Papua New Guinea cities today are often lawless violent places. Crimes committed at the point of a gun are commonplace and the police force, possessing an inferior arsenal, is frequently unwilling to confront the armed "raskal" gangs responsible.
It was not always so. During the 1960's the only people in PNG permitted to have firearms were members of the military, a few thoroughly screened "special applicants" such as slaughtermen, pilots and ship's captains, and each administrative patrol post also had some weapons securely locked away for emergency use by police or Government patrol officers.
Every firearm was rigorously monitored.
After mine ended up on the bottom of the flooded Gwenif River following a "canoe malfunction" during a 2 week foot patrol of the Sepik plains, I was interrogated, and required to explain the loss in a Statutory Declaration and numerous other Government forms in triplicate.
Each village was also permitted to have one only shotgun for the purposes of hunting wild game. The gun licence was allocated to a village elder who was responsible and accountable for use of the weapon.
Gun related crime simply did not occur under this regime.
Burglaries were always common in a country where there was so much discrepancy between the "haves" and the "have nots", but guns have now replaced inventiveness and taken the creativity out of larceny.
The first crime against me was the theft one night of a case containing a piano accordian which I had left under my house on a rural outpost. Presumably the thief was gutted when he discovered that it was not full of fifty Kina notes or gold bullion.
The first I knew of it was when the local constable visited me early next morning dragging the young offender by the ear to provide an apology along with return of the instrument.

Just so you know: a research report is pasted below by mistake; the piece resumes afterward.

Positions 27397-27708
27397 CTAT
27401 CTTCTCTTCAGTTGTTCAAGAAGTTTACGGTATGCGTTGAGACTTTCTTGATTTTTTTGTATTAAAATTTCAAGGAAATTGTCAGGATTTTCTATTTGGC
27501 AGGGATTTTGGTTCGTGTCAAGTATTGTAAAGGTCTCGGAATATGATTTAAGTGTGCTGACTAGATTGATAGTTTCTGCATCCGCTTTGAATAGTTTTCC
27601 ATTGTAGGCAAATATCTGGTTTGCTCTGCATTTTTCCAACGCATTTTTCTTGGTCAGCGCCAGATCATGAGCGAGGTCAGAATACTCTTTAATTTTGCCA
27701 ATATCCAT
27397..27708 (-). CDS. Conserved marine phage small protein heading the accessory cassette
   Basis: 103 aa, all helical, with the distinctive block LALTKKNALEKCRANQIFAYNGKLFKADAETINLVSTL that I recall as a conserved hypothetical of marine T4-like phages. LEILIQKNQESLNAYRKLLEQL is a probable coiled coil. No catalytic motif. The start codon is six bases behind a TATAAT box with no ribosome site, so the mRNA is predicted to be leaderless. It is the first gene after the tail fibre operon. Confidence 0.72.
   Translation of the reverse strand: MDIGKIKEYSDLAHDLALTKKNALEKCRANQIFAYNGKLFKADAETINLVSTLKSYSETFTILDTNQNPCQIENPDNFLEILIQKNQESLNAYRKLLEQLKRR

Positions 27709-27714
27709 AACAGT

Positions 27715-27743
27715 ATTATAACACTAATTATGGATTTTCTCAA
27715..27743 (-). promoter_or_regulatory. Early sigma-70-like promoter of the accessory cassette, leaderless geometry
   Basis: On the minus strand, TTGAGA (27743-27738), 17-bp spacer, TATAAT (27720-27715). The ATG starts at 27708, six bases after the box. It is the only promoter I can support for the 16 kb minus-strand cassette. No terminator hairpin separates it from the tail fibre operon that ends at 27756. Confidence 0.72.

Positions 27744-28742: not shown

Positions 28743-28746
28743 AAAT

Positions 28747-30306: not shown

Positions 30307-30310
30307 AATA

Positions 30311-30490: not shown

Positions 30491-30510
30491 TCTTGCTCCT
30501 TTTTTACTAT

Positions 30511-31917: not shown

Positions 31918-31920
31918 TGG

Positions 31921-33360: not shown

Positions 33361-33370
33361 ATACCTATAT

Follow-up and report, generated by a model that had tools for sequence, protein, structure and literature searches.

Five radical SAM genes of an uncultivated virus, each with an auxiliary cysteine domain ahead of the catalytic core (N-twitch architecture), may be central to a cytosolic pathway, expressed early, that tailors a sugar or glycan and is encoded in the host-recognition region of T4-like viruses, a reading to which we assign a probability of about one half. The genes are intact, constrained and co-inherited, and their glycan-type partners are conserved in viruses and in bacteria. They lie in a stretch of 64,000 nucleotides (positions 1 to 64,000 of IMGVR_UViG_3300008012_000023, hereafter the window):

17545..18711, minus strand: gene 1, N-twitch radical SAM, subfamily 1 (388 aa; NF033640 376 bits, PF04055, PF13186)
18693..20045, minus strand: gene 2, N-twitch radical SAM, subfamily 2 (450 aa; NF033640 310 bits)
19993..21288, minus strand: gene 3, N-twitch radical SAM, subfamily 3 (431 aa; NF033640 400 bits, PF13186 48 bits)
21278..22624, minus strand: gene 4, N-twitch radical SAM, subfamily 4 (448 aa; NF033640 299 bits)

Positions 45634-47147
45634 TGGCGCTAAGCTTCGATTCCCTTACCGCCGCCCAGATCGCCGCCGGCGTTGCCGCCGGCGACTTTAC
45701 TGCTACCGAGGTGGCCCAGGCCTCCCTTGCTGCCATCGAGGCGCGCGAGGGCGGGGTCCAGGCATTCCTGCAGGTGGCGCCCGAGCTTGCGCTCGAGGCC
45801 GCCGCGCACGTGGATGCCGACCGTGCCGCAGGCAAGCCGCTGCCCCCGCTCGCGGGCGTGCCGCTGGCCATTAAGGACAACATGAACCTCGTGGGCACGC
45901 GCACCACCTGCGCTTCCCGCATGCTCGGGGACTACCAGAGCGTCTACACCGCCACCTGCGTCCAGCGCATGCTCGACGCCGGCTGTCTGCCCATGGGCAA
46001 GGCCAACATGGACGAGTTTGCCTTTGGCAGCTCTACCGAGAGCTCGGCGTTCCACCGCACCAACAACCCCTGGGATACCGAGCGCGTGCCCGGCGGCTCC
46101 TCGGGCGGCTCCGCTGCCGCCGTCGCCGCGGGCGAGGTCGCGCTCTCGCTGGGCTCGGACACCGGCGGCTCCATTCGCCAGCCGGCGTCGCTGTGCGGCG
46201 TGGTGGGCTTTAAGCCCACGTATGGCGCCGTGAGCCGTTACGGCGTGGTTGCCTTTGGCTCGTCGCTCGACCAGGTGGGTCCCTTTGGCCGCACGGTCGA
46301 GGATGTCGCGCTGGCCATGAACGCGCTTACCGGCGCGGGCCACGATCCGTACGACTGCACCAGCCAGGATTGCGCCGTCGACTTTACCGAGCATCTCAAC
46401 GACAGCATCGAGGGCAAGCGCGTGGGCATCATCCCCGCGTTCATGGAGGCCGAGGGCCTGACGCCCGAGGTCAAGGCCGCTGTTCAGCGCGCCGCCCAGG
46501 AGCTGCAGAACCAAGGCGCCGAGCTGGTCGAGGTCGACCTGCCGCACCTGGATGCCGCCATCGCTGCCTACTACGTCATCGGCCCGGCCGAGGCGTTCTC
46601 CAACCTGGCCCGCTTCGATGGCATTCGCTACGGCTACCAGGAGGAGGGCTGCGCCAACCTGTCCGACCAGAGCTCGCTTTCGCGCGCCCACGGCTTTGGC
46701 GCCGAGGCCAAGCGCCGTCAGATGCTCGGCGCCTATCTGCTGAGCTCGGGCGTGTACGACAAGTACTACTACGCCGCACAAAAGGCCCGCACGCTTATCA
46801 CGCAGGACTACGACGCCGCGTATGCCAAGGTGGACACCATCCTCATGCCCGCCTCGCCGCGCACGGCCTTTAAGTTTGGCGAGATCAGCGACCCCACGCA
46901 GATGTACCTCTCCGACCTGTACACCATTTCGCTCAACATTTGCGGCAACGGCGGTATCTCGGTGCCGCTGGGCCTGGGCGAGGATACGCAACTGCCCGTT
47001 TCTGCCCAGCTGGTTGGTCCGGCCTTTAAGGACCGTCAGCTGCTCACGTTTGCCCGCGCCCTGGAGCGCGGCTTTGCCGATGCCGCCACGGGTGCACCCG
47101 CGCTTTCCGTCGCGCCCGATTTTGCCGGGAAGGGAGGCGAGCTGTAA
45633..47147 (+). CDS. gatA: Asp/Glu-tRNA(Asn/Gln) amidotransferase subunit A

Next, in Lae town, my watch was stolen off a table in my house by a thief gaining access through louvre windows, while I slept in another room.
I bought a new watch, deliberately leaving it in the same place while I camouflaged myself, solid length of 4×2 hardwood in hand, behind some sofa cushions waiting to exact some GOF retribution if he tried poking his head back in through the windows again.
Light fingers apparently do not strike in the same place twice.
Homeowners eventually started welding steel mesh over windows as a deterrent, so thieves then graduated to removing sheets of roofing iron instead to gain access to goodies.
The most innovative incident occurred at a "burglar proofed" rural shop.
(burglar alarms and electronic devices were not available in PNG in the 1960's)
All the windows, doors, walls and roof were "steel meshed", but the wooden floor was a few inches off the ground to avoid termite attack.
The innovative thieves firstly stole a couple of car jacks then burrowed under, and lifted up the floor to gain access.
Maybe they went on to become banking executives or used car salesmen.
Or, more likely, when their society degenerated and no longer effectively prevented them from owning guns, they graduated to simply shooting people before stealing their possessions.